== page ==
Talking Change: Interview with Dorothy Runnicles
As NDTi Celebrates 25 Years of making change happen, we talk to associate Dorothy Runnicles about what she thinks still needs to change in our society.
As a social scientist, community approaches were always part of my agenda as part of a post war Britain. Our whole global Social Care agenda stemmed from our learning during the war. A shared understanding of humanity –what is now called “Asset based communities”. None of this is rocket science. But somehow, we don’t seem to be able to move our social policy efforts forward.
NDTi has always understood the importance of sharing power and sharing responsibilities to effect social justice. This is what attracted me to them because it reminds me of what we did in the war. During the war we didn’t talk about money, we talked about have you got any metal or other resources that we can share. There were no heroes – everybody suffered and benefitted together. The war revealed and removed barriers of class and gender and there was a blurring of access to resources and healthcare. We shared these values for many years as social workers, politicians and in our communities. Everybody understood that it was not about putting money first; it was about putting people first. After the war we understood that we needed to take a collective responsibility for each other as a community. But somewhere in today’s society, this has got lost.
In 2010 when I worked on the report “Unsung Heroes in a Changing Climate” we looked at the experiences of older people and asked what do they do. Despite what people thought, what we found is they actually do a huge amount - and what Age Concern thought they were doing in representing us was, in fact, highly resented. People said “we’re already doing that in our street” “we don’t want you to represent us, we’ll represent ourselves”. Suddenly people realised that the patronage of older people was belittling because it didn’t recognise the reality of what was already happening in neighbourhoods. And that was 2010. So where are we now?
Sadly, there is an attitude of disrespect that still persists in how we treat older people. And we haven’t learnt ourselves our human rights, our citizens rights and our legal rights as older people. So we still have a culture of Ageism in our society. People don’t want to face the fact that, if like me, you get to 92, you will gradually lose capacities, no matter how much you fight against it. You’ve got to realise that your body does breakdown and you will eventually die, so we need to get more comfortable in talking about and sustaining a good life and a good end. But our cultural barriers stop us from talking about such “morbid” things. It’s not morbid! Your birth is not morbid and therefore your death doesn’t need to be morbid either. If we could break this stigma of disability which is overriding us as we age, people would feel more able to admit when they can no longer do certain things and instead talk about what they want from that period in their lives. If we could just listen to people’s voices about what they want, instead of assuming what they want as they lose capacity, we could all face old age in a more positive and inclusive way.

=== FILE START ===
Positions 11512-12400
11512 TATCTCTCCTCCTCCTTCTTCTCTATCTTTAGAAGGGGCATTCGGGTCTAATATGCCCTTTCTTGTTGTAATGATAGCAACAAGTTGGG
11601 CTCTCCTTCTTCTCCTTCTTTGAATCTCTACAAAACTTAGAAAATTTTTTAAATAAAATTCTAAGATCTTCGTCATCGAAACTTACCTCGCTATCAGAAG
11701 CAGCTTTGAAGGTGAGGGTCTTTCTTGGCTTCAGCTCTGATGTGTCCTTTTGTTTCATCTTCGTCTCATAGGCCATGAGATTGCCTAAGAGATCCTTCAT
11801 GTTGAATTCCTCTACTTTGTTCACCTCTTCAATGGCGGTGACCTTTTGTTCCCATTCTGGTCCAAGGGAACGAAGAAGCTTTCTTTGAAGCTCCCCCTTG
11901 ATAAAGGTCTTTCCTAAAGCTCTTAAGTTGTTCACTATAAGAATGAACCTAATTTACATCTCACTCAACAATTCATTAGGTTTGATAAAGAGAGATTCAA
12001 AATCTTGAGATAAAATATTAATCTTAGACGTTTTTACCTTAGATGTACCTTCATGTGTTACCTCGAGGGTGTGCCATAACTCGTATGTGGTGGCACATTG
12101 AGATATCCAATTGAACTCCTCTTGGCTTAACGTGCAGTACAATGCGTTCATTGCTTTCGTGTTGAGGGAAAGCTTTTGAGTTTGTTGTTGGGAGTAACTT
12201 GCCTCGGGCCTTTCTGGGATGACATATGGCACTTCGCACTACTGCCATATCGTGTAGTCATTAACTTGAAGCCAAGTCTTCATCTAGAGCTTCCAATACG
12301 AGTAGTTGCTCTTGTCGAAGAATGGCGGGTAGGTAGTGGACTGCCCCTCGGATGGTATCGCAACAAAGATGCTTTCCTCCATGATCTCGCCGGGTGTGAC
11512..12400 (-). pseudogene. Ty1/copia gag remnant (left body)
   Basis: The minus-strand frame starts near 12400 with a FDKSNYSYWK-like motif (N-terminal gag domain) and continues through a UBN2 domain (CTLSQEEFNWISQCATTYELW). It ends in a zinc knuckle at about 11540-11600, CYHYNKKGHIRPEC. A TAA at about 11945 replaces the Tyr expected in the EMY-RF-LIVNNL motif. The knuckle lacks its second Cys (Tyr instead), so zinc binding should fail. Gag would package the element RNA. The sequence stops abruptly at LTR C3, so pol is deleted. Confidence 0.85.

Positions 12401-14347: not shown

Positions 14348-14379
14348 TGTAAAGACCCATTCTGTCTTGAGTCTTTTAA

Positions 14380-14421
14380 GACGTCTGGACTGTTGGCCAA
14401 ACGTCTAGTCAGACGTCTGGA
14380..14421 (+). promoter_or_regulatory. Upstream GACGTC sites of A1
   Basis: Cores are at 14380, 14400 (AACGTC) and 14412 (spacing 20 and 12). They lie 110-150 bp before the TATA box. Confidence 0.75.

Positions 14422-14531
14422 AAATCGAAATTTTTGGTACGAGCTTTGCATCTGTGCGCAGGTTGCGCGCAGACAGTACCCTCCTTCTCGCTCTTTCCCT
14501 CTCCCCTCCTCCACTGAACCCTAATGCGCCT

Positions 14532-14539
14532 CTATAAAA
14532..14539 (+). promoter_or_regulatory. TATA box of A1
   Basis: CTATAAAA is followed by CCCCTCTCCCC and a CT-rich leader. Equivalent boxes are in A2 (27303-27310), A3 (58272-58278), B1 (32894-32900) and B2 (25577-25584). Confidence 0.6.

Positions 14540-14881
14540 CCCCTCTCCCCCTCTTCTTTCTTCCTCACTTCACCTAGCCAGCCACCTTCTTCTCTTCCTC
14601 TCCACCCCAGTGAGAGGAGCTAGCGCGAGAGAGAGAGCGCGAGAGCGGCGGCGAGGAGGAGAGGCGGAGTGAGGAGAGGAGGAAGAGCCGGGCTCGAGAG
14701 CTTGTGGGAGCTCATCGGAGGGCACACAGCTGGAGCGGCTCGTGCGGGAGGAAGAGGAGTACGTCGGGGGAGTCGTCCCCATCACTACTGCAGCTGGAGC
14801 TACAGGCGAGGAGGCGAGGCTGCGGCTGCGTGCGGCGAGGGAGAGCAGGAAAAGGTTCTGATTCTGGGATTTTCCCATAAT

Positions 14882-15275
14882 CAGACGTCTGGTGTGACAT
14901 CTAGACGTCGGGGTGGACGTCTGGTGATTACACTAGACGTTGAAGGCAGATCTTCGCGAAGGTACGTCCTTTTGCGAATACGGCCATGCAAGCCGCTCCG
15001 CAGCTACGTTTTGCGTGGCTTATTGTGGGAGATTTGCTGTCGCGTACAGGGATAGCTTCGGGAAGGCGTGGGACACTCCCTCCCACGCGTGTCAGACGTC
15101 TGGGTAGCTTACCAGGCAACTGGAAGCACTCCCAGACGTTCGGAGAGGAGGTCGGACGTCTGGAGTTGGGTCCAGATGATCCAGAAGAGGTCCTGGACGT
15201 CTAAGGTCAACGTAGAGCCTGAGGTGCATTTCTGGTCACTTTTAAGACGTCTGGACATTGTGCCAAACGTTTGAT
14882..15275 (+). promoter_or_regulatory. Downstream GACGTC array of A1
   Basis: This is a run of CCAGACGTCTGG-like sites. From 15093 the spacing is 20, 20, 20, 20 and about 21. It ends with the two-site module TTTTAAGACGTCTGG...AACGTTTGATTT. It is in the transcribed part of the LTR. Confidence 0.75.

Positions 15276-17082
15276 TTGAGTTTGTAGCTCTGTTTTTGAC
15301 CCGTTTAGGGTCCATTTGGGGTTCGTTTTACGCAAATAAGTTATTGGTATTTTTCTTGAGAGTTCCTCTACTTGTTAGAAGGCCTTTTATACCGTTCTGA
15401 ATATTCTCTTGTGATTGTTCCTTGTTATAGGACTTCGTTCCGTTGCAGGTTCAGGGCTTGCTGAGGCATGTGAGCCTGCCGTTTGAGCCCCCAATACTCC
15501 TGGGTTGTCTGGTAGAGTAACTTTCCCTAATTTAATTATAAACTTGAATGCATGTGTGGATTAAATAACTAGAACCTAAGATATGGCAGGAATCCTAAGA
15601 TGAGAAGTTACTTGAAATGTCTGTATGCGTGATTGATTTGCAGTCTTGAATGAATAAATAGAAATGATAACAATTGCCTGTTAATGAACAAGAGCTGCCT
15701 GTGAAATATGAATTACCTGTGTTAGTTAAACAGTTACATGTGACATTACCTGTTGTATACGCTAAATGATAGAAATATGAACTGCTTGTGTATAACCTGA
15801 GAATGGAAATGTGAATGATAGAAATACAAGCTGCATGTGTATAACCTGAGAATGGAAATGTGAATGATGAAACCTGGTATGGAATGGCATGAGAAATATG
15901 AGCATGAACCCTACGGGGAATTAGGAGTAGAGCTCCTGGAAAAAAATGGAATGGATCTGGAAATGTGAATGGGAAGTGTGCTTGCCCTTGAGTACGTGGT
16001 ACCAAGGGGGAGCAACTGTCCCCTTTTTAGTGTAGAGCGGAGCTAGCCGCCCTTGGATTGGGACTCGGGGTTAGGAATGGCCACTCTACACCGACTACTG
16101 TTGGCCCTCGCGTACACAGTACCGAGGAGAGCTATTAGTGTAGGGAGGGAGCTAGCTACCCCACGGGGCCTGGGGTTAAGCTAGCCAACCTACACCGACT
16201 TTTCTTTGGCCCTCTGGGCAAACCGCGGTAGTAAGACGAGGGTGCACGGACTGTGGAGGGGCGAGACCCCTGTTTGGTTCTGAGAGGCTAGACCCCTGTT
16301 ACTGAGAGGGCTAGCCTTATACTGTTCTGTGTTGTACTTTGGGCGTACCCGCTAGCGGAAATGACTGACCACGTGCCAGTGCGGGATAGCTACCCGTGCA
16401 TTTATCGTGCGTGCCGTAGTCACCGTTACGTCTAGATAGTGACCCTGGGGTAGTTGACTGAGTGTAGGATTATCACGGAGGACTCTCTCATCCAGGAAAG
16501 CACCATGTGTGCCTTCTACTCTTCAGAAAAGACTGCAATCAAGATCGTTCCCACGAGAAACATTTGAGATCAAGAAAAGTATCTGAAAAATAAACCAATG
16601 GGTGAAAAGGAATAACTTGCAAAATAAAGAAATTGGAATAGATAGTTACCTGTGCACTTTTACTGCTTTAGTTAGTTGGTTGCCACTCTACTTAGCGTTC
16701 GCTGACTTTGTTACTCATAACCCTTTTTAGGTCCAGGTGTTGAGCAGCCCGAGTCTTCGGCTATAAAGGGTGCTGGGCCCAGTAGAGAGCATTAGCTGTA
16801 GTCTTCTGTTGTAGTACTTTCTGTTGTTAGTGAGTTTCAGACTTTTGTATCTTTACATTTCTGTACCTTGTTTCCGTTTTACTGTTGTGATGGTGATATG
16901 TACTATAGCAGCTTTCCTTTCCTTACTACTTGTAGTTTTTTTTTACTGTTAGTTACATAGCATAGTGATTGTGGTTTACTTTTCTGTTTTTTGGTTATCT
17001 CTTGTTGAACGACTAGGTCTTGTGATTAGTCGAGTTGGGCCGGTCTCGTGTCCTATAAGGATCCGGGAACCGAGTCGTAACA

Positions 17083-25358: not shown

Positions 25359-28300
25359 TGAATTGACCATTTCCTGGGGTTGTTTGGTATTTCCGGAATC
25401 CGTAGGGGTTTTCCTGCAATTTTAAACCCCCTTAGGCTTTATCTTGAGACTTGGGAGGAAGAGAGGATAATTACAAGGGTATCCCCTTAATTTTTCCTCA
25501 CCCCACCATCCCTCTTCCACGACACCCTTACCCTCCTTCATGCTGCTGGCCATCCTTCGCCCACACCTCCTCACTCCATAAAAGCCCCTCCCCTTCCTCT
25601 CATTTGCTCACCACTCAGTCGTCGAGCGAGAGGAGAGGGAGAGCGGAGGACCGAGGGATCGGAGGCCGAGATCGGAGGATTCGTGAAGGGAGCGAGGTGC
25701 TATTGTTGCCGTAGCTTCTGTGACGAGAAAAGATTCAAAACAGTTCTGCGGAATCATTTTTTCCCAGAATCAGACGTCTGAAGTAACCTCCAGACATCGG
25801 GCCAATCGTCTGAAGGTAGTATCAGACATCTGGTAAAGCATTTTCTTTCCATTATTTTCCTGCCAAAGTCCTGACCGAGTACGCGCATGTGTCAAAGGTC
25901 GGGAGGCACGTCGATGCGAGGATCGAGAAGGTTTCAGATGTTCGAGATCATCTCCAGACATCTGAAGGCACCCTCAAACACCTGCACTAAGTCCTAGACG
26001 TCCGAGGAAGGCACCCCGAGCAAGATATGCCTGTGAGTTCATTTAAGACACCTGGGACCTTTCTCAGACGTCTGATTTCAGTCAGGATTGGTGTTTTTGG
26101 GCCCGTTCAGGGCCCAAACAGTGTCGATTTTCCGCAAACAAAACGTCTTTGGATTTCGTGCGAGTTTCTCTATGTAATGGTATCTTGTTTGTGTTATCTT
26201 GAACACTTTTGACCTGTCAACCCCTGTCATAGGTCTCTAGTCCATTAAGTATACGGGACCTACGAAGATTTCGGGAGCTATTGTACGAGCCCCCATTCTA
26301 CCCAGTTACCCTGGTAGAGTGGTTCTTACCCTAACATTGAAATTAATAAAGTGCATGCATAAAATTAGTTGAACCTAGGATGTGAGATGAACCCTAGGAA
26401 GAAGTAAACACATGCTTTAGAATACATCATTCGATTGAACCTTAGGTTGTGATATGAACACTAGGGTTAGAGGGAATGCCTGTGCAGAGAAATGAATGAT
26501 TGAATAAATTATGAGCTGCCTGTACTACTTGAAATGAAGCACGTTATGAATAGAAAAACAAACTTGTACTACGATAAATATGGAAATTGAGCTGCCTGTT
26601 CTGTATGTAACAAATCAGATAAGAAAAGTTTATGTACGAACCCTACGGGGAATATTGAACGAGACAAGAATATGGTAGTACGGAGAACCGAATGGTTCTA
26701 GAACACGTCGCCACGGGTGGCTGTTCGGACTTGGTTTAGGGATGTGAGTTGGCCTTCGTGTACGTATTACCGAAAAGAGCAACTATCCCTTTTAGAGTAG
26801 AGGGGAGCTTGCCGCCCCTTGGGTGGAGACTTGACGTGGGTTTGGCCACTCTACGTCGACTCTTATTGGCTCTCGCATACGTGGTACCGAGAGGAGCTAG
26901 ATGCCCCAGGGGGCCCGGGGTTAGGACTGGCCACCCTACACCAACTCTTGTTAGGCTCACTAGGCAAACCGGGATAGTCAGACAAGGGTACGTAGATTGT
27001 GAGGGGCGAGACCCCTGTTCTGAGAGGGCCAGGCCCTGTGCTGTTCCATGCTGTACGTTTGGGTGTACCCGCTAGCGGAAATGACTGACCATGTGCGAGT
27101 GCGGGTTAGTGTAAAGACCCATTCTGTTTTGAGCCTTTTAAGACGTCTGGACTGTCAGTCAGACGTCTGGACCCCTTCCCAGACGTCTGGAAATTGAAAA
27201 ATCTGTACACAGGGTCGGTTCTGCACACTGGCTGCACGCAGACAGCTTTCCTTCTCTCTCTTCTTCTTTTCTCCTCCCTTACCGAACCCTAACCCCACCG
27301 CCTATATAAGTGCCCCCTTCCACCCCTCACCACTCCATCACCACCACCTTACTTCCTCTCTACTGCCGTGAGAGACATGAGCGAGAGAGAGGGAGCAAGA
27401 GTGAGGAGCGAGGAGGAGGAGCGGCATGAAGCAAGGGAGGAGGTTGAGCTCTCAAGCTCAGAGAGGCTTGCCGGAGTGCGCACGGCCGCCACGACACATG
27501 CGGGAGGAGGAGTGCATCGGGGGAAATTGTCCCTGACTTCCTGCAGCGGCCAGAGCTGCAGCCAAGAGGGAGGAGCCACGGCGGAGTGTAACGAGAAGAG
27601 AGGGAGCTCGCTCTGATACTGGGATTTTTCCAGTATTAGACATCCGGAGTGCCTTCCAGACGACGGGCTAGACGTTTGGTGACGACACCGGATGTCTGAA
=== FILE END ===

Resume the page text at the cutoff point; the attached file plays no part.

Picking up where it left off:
We’ve had so many schemes that are about including older people and creating better lives for older people. Some have worked. Others? Well they haven’t done much more than provide jobs for people who think they know what’s best for us – how many of them are properly acting on the voices of older people? As I said, nothing is rocket science, but just hearing these voices and taking action should create a partnership between providers and people who use services in social care.
Our work at NDTi has helped many people find their voice and when I’m out talking to groups of older people and they say to me “what can I do” I tell them our voices can be heard and we don’t need to lose our identity either. It doesn’t matter if you have high support needs, we all still have so much to give. No matter how big or small, everybody has a contribution to make.
This interview is part of our #ChangeisPossible series of blogs and interviews celebrating 25 years of NDTi's commitment to change.
Dorothy Runnicles is the at the National Development Team for Inclusion (NDTi)
NDTi is an organisation that promotes equal and inclusive lives for people in their communities, particularly where ageing or disability are issues
Dorothy Runnicles's blog is a personal opinion and does not necessarily reflect the views of the NDTi.